Ajrakh block printing, Jewish carpets, Ainu textiles and the Karun Thakar Fund

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I’ve only just become aware of this event, which takes place this Thursday 28 July. OATG member Sarah Fee of the Royal Ontario Museum will be in conversation with noted textile artist Salemamad Khatri, discussing his attempts to revitalise the art of block printing in Kachchh, India. They will also be joined by Abdulazziz Khatri of Khamir. This free online event takes place at 11:00 EDT, which is 16:00 BST. For more information and tickets please click here.

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In previous blogs I mentioned two talks that were taking place in the USA. I’m delighted to say that both of these were recorded and are now available to view.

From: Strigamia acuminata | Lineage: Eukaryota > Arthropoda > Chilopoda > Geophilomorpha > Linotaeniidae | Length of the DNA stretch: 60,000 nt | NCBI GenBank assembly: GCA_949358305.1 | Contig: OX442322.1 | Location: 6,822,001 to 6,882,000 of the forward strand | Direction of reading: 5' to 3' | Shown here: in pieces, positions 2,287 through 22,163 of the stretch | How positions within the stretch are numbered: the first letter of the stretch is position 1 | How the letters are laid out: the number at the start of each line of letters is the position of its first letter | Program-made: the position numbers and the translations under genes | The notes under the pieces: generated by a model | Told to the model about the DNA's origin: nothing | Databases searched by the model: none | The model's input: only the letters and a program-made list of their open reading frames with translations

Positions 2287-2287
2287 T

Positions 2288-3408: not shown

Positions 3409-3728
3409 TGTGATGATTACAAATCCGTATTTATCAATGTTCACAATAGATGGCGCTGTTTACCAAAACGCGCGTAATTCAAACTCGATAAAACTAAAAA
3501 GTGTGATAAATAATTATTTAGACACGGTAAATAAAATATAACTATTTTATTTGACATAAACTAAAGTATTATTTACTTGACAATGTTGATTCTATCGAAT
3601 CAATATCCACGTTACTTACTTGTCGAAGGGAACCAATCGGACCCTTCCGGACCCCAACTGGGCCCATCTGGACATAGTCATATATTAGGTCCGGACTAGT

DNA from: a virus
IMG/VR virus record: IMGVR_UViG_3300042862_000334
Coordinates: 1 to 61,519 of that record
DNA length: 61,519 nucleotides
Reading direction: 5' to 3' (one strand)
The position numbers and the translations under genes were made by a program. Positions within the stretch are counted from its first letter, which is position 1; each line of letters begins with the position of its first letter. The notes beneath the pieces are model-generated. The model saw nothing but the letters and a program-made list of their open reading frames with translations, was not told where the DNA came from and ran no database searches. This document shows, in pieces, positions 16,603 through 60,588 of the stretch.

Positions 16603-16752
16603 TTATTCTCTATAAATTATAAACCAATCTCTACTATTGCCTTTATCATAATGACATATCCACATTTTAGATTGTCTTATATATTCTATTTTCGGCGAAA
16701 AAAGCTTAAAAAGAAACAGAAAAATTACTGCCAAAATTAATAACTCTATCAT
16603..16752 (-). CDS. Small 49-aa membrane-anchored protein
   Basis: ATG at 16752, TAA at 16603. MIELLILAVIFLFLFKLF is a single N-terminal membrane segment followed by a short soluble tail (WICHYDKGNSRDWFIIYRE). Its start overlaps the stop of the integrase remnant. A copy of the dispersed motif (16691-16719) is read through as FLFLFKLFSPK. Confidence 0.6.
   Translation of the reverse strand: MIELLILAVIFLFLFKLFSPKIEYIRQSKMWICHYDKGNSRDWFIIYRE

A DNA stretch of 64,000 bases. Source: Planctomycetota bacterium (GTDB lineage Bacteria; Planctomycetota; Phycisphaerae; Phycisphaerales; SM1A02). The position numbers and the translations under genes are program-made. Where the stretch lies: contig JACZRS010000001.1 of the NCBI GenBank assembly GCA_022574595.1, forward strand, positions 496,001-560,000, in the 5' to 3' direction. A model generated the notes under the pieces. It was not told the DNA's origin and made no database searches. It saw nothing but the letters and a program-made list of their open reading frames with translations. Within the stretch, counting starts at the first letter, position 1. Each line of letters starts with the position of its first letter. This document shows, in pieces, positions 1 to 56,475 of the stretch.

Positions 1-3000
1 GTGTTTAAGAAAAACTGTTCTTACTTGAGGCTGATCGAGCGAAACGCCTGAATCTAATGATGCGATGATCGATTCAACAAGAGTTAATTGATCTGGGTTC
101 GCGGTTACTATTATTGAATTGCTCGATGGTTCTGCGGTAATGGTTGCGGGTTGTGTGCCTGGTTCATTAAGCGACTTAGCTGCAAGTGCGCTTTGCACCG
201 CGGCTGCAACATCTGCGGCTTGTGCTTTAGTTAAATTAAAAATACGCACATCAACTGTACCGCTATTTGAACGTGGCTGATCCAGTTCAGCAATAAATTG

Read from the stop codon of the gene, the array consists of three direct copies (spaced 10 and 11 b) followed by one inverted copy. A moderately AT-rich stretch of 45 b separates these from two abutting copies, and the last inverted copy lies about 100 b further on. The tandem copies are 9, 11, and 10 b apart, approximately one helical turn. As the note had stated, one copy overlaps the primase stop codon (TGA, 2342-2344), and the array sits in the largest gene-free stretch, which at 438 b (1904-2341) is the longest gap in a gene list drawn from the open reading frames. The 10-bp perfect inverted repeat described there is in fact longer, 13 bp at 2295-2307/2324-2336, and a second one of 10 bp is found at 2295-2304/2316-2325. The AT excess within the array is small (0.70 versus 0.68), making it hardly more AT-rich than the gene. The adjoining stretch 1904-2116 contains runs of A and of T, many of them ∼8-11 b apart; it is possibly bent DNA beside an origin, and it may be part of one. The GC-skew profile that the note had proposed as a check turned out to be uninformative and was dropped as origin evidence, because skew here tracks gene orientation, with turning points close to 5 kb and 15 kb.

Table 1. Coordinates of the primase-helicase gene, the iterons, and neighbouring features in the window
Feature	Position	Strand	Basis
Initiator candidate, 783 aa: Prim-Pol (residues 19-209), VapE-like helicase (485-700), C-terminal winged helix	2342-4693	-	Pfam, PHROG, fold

The first recording is of a talk given by OATG member Alberto Boralevi at the Textile Museum in Washington on the subject What is a Jewish Carpet?

“Alberto Boralevi began his research on rugs and carpets with Jewish features or Hebrew inscriptions in the 1980s, when they were mostly overlooked both by carpet scholars and specialists in Jewish art. There are several difficulties for considering Jewish carpets as a specific group, since fundamental differences in origin, age, design and technique can be found among them. Boralevi defines Jewish carpets as any carpet or rug with a Jewish design, Hebrew inscriptions or any other feature that could prove that it was woven by Jews or commissioned by a Jew or for a Jewish purpose.” Museum website.

The second recording is by Christina M. Spiker on the subject of The Ainu of Japan: Their Unique Textile Tradition. This talk was given in person last week at the Minneapolis Institute of Art, who are currently exhibiting a wonderful collection of Japanese textiles.